According to data collected in 2012 by the U.S. Census Bureau, the sector of Americans over the age of 65 is expected to double by 2050, comprising about 20 percent of the nation’s population. This trend of aging baby boomers will affect demand in a number of industries geared toward seniors. Specifically, the graying of America is affecting life settlements, healthcare and care giving.
What are the implications for advocates and professionals seeking to serve the growing needs of U.S. seniors?
Magna Life Settlements Overview
Three key industries and the projections for how they will keep pace with surging demand
Every year more than 500,000 life insurance policies lapse, with the policy holder getting no financial benefit, while only 1,250 seniors choose to sell their policies for a life settlement. With the surge of people over 65 and the growing profile of life settlements as an option, companies that help seniors get top dollar for their life insurance policies are more responsive than ever. With minimal research, seniors can decide whether life settlement is right for them and find the right buyer without a middleman.
This direct-consumer relationship in life settlements will become more prevalent as more seniors see the benefit of turning their life insurance policies into income. The percentage of seniors opting for life settlements, now only a quarter of one percent, will grow along with the older population, especially since a recent study by the Insurance Studies Institute shows that 90 percent of seniors would have sought out a life settlement if they had been made aware of the option.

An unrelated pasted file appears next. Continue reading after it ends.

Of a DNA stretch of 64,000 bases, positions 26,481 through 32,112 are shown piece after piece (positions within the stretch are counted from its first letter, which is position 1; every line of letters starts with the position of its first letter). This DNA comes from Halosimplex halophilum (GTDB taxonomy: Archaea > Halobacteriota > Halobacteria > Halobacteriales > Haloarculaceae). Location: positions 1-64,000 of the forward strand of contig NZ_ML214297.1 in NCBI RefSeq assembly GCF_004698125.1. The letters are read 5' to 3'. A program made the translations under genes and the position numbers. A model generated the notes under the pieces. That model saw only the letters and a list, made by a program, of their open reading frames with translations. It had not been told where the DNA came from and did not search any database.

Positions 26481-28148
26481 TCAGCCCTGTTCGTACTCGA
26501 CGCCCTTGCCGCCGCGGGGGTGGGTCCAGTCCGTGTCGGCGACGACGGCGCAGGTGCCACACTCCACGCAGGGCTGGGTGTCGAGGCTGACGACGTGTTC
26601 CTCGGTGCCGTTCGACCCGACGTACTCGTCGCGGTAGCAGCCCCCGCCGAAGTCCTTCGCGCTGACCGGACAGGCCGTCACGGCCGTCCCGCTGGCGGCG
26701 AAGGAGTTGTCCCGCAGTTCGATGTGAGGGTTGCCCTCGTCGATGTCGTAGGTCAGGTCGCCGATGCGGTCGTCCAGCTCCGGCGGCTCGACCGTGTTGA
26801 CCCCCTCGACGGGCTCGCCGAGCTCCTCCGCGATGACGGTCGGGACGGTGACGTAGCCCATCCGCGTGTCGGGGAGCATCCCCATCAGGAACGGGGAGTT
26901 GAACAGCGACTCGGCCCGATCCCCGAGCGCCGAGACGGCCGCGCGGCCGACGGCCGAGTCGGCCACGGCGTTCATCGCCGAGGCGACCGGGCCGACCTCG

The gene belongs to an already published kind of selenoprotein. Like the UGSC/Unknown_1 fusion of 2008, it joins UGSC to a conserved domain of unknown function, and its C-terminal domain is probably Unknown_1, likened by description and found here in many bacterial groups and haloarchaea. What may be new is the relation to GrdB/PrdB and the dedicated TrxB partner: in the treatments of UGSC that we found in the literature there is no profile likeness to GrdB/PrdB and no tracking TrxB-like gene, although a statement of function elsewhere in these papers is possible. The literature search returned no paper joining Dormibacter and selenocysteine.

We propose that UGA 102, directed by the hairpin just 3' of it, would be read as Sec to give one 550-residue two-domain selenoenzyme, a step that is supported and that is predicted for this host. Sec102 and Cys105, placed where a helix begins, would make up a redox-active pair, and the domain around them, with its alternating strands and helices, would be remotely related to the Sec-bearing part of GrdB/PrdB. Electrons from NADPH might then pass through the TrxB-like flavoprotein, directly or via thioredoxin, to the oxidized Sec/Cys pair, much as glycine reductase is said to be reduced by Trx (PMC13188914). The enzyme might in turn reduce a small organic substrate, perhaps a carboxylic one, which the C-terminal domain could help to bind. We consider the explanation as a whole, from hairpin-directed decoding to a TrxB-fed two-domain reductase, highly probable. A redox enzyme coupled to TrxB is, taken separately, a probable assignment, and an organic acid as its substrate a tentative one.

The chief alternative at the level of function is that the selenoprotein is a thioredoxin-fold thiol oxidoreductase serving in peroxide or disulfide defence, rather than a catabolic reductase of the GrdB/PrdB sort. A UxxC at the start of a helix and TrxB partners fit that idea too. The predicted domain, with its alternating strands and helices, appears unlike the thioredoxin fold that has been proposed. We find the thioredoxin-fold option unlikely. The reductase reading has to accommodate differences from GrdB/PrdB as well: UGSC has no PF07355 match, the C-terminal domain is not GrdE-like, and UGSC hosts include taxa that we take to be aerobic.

Even with the boom in the senior population still mostly in the future, health care facilities are reporting a shortage in caregivers trained specifically in geriatric care. As the over-65 population approaches the number of 83 million estimated by the middle of the century, this nation will have a pressing need for doctors, nurses and physician’s assistants who can care for the elderly, and home health care and preventative medicine for seniors will also grow exponentially.
The American Nurse’s Association estimates that by 2022 the U.S. will need more than one million new nurses to care for older Americans. And primary care medicine isn’t the only sector of the health care workforce that needs to intentionally address the coming influx of senior patients; there will also be a need for specialists like psychiatrists, optometrists and podiatrists who specialize in serving people in the over-65 bracket.
A surging population of seniors also means that this country will have more middle-aged adults than ever trying to care responsibly for their aging parents. Serving as a good advocate for elderly loved ones is complicated, and caregivers will need more education than ever to examine the options for financial planning, long-term care, healthcare and other key areas.
Life settlements, which can help seniors pay for healthcare or long-term care using profits from a life insurance policy that is no longer working for them, is one decision caregivers should learn about to help their parents navigate the often-murky world of senior adulthood.